Bret: Okay. So, AAMA is the American Architectural Manufacturing Association. So, it’s an organization that publishes guidelines and standards related to the manufacturer application, installation, and testing of windows and doors. And then ASTM used to be known as the American Society of Testing Materials, but since then, gone global, and now it’s just known ASTM International. So, ASTM International is an organization with 12,000 plus members, it publishes guidelines and standards for many different things, anywhere from household goods to aerospace, and this obviously also includes building systems and their components such as doors and windows.

Will: Okay, super. So, when we’re called to investigate water leakage in a claim in a legal case, let’s talk about how these two organizations fit in and into the investigation.

Bret: Okay, well, probably the best place to start is ASTM E2128. So, that one is the standard guide for evaluating water leakage of buildings and walls. And then another one AAMA 511, which is the voluntary guideline for forensic water penetration testing of fenestration products. And for those of you guys that don’t know, fenestration is windows and doors essentially.

Will: Okay. So, you also, you know, a little bit, you mentioned, earlier you mentioned forensic. Explain to our listeners what’s meant by that, and how it’s different from other types of investigations.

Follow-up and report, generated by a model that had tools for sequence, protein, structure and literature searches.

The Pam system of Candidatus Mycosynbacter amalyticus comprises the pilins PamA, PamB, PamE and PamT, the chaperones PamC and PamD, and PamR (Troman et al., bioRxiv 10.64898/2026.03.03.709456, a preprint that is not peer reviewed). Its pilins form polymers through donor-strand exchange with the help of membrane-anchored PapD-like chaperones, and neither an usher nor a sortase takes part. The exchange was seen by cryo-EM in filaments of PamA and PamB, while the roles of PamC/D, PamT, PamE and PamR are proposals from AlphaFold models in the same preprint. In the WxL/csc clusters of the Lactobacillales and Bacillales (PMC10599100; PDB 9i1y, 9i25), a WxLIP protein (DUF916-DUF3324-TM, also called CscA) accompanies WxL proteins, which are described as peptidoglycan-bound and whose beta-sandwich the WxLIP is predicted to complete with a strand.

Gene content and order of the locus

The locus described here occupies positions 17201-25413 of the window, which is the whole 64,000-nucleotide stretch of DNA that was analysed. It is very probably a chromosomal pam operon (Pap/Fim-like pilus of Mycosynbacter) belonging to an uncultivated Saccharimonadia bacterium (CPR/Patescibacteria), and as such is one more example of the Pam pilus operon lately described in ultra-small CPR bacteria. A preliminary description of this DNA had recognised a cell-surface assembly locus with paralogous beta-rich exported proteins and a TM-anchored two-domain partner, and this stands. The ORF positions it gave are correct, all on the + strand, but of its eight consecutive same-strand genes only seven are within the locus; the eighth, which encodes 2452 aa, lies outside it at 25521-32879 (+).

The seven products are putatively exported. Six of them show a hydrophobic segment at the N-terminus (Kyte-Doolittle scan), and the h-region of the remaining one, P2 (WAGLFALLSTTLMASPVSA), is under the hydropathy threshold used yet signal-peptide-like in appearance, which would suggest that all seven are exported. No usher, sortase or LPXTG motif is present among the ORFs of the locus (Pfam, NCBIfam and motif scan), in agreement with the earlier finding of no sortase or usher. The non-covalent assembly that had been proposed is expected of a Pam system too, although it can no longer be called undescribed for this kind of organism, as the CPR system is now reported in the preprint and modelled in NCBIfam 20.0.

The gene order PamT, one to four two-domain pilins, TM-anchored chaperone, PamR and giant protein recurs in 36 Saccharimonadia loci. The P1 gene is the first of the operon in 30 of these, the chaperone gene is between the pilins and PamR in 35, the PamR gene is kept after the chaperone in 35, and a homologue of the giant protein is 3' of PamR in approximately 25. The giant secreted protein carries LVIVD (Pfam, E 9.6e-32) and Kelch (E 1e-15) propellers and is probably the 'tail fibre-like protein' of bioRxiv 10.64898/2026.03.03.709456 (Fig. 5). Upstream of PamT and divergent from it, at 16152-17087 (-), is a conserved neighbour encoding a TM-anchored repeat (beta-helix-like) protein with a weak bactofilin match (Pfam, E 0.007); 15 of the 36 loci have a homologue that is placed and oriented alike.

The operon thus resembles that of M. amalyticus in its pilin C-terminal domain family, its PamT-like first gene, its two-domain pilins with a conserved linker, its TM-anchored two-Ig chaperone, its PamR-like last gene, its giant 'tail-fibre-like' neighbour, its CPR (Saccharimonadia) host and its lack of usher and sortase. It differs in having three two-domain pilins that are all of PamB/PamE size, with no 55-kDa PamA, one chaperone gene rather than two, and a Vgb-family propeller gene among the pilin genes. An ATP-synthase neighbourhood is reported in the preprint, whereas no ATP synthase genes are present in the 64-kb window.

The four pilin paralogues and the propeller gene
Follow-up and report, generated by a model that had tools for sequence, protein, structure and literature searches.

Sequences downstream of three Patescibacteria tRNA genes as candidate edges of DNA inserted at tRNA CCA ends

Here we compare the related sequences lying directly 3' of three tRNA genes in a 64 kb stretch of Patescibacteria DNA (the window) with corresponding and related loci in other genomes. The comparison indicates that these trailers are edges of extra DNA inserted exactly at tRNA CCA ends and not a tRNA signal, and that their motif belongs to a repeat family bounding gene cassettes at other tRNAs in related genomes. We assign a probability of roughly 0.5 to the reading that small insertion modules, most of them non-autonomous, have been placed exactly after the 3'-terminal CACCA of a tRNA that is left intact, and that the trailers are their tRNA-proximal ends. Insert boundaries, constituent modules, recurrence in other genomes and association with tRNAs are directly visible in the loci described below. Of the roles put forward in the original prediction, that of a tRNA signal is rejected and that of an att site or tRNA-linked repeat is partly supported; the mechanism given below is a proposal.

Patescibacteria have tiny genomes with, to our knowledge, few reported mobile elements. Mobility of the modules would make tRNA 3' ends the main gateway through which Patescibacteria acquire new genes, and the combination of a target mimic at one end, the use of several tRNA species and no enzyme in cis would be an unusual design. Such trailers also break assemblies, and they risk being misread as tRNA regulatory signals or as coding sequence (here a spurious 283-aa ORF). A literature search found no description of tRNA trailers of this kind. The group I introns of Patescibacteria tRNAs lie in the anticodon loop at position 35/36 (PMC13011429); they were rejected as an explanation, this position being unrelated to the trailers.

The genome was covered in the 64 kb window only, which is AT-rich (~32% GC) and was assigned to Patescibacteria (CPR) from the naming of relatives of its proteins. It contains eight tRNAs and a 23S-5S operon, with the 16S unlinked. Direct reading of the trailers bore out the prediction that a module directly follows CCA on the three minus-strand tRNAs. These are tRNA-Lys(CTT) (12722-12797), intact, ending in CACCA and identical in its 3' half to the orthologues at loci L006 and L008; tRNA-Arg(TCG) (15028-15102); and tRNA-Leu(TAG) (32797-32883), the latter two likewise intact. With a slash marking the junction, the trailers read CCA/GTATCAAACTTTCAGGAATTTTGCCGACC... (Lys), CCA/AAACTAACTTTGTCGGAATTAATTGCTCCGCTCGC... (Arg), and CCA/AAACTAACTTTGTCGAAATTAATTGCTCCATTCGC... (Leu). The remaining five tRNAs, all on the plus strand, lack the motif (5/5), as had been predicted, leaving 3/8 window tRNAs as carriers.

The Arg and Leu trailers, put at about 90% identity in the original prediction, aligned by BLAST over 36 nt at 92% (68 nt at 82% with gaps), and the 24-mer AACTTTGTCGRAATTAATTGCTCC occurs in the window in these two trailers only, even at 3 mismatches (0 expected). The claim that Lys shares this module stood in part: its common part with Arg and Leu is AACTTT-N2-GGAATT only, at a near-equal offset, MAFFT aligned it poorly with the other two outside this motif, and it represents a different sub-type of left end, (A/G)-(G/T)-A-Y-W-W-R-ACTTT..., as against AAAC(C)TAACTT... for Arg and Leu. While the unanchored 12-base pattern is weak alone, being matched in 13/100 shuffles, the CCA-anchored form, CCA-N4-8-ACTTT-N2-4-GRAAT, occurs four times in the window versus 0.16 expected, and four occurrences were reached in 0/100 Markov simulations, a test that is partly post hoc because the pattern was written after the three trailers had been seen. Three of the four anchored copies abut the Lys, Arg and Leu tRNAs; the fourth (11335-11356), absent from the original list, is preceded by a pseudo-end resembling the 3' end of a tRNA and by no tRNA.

Bret: Well, there’s a couple of definitions that are kind of floating around there. I guess, one definition could be more of a legal definition where it states that forensic implies that it’s in support of litigation. But I think over the years, forensic has morphed into being synonymous with investigative consulting work. So, ASTM E2128 references forensic in its verbiage, and AAMA 511 also references forensic in its title even. Those two standards just imply that forensic is for the purpose of investigating a condition in the field. In this case, we’re investigating water intrusion through fenestration products, it doesn’t have a specific definition, necessarily. It’s kind of broad.

Will: Okay. So, let’s talk a little bit more now about doing an investigation, and let’s say, it’s in a case that’s in litigation, whether we’re working for a plaintiff or a defendant. We already discussed the various organizations and the standards that may apply. And we talked about how the burden of proof is actually upon the plaintiff in these cases, but there are occasions in which a defendant may also want to go and do a thorough investigation and maybe even testing. So, let’s talk a little bit about, for example, these standards. So, let’s talk about the purpose of doing an investigation. Why should we do an investigation following a guideline such as, you mentioned ASTM E2128, why use 2128? What does it afford the user?

Bret: Well, in general, the intent is that there’s a laid-out protocol there that allows the user to craft an inspection or forensic evaluation that can not only recreate the leakage that’s reported to exist but also do it in a way in which someone else can repeat what they’ve done. So, it affords the other side an opportunity to test if they would like to in the same manner, so all parties can test in a similar way.